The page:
Abstract 014: Bilirubin and the Most Highly Associated Variant are Associated with the Risk of Incident Type 2 Diabetes in the Community: A Mendelian Randomization Approach
Background: A higher circulating bilirubin, as an antioxidant, has been shown to be associated with a lower risk of cardiometabolic traits/diseases. We aimed to prospectively investigate the association of serum bilirubin and the most highly associated variant in UGT1A1 locus (rs6742078) with the risk of future diabetes in the community. We performed a mendelian randomisation approach to examine the hypothesis that the association of serum bilirubin with diabetes is causal.
Methods: We performed prospective cohort analysis in 3,381 participants free of diabetes (aged 28-75 years; women 52.6%) from the Prevention of Renal and Vascular End-stage Disease (PREVEND) study in Groningen, the Netherlands. We genotyped the variant rs6742078 within the gene region encoding hepatic enzyme, UDP glucuronosyltransferase 1 family, polypeptide A1 (UGT1A1). We examined the association of serum bilirubin and the variant rs6742078 with risk of diabetes in multivariable-adjusted logistic regression model for the KORA clinical diabetes score including data on age, sex, BMI, smoking, hypertension, family history of diabetes and glucose. Using rs6742078 allele as an instrument variable in mendelian randomization approach, the expected risk of diabetes per 1-SD increase in log-transformed bilirubin levels was calculated as: exp (ln(OR diabetes-genotupe)/ ß coefficient bilirubin-genotype)).
Results: A total of 210 (6.2%) participants developed diabetes during a median follow-up of 7.8 years. Bilirubin level was strongly associated with rs6742078, -0.68 SD change in log-transformed level with each copy of risk allele (P< 1×10 -122). In multivariable-adjusted model, we observed a 44% (OR=1.44, 95%CI, 1.11-1.86; P=0.006) higher risk of incident diabetes with each copy of risk allele. In multivariable-adjusted model, we observed a 25% (OR=0.75, 95%CI, 0.62-0.92; P=0.004) lower risk of incident diabetes per 1-SD increase in log-transformed bilirubin levels. In mendelian randomization approach, the expected risk of diabetes was 22.2% lower per 1-SD increase of log-transformed bilirubin levels. We observed no associations between confounders and the variant rs6742078.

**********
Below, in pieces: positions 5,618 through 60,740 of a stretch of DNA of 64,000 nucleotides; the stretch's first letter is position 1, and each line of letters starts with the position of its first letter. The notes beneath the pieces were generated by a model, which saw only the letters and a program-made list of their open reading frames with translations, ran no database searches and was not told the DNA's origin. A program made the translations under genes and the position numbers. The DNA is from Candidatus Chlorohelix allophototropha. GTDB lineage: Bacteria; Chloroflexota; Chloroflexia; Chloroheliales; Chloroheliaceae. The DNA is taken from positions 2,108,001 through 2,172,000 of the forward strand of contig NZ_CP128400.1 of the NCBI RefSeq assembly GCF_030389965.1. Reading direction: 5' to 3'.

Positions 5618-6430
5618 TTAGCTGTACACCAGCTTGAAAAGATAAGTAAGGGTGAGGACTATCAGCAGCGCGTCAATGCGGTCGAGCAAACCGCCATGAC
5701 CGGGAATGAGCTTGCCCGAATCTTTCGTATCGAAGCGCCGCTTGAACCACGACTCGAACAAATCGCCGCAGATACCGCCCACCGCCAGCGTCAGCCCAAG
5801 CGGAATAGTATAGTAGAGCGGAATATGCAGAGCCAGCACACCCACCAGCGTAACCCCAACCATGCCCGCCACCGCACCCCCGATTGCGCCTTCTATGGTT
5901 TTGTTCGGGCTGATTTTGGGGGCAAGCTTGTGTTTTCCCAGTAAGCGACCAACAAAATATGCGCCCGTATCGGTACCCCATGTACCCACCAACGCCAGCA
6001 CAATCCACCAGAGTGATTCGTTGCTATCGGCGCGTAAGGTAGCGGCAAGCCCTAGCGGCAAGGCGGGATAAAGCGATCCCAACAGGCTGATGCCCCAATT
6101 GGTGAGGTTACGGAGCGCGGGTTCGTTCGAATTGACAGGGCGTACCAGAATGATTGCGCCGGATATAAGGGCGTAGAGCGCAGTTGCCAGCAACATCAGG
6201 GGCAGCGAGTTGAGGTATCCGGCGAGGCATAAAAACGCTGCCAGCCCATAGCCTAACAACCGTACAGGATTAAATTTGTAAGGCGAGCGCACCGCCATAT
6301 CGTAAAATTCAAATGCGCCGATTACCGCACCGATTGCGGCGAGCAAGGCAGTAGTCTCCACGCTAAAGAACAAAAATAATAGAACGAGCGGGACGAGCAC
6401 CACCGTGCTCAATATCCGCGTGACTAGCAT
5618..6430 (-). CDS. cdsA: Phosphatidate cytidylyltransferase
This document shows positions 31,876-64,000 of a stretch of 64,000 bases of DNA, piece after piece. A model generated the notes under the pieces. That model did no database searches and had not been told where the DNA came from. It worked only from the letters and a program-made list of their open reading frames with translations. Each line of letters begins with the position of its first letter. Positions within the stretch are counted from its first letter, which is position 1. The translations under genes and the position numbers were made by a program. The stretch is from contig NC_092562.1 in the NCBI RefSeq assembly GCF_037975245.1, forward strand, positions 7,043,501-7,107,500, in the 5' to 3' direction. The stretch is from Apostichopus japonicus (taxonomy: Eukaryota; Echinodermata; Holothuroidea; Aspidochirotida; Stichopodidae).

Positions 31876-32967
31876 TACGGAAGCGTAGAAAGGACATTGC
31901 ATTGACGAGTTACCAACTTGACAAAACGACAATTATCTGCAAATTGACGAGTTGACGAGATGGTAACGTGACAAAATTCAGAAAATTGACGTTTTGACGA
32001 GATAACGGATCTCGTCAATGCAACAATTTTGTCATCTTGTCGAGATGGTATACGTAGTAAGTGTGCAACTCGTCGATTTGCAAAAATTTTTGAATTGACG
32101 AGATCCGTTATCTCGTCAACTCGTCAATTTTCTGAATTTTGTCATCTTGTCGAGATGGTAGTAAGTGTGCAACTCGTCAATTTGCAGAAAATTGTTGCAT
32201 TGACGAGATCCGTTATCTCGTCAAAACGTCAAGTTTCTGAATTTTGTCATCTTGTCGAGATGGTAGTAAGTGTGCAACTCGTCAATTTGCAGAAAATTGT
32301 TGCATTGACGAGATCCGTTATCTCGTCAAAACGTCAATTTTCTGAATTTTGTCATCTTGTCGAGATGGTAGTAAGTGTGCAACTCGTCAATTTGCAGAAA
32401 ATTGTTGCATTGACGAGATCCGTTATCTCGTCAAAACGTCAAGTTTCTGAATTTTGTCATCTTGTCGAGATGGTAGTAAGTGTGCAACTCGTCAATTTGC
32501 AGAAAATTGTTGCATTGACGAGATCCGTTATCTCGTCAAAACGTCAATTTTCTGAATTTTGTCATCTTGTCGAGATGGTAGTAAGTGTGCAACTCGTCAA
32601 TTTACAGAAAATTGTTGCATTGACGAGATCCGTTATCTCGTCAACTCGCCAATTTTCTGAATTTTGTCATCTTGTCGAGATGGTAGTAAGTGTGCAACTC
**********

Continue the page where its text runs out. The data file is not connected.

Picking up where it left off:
Conclusions: Both serum bilirubin and the variant rs6742078 in UGT1A1 locus are strongly associated with the risk of developing diabetes. Based on our findings, it seems that bilirubin signalling may have causal role in the development of diabetes. Further studies are warranted to confirm this and translate into practice, such as early screening and prevention.
- © 2013 by American Heart Association, Inc.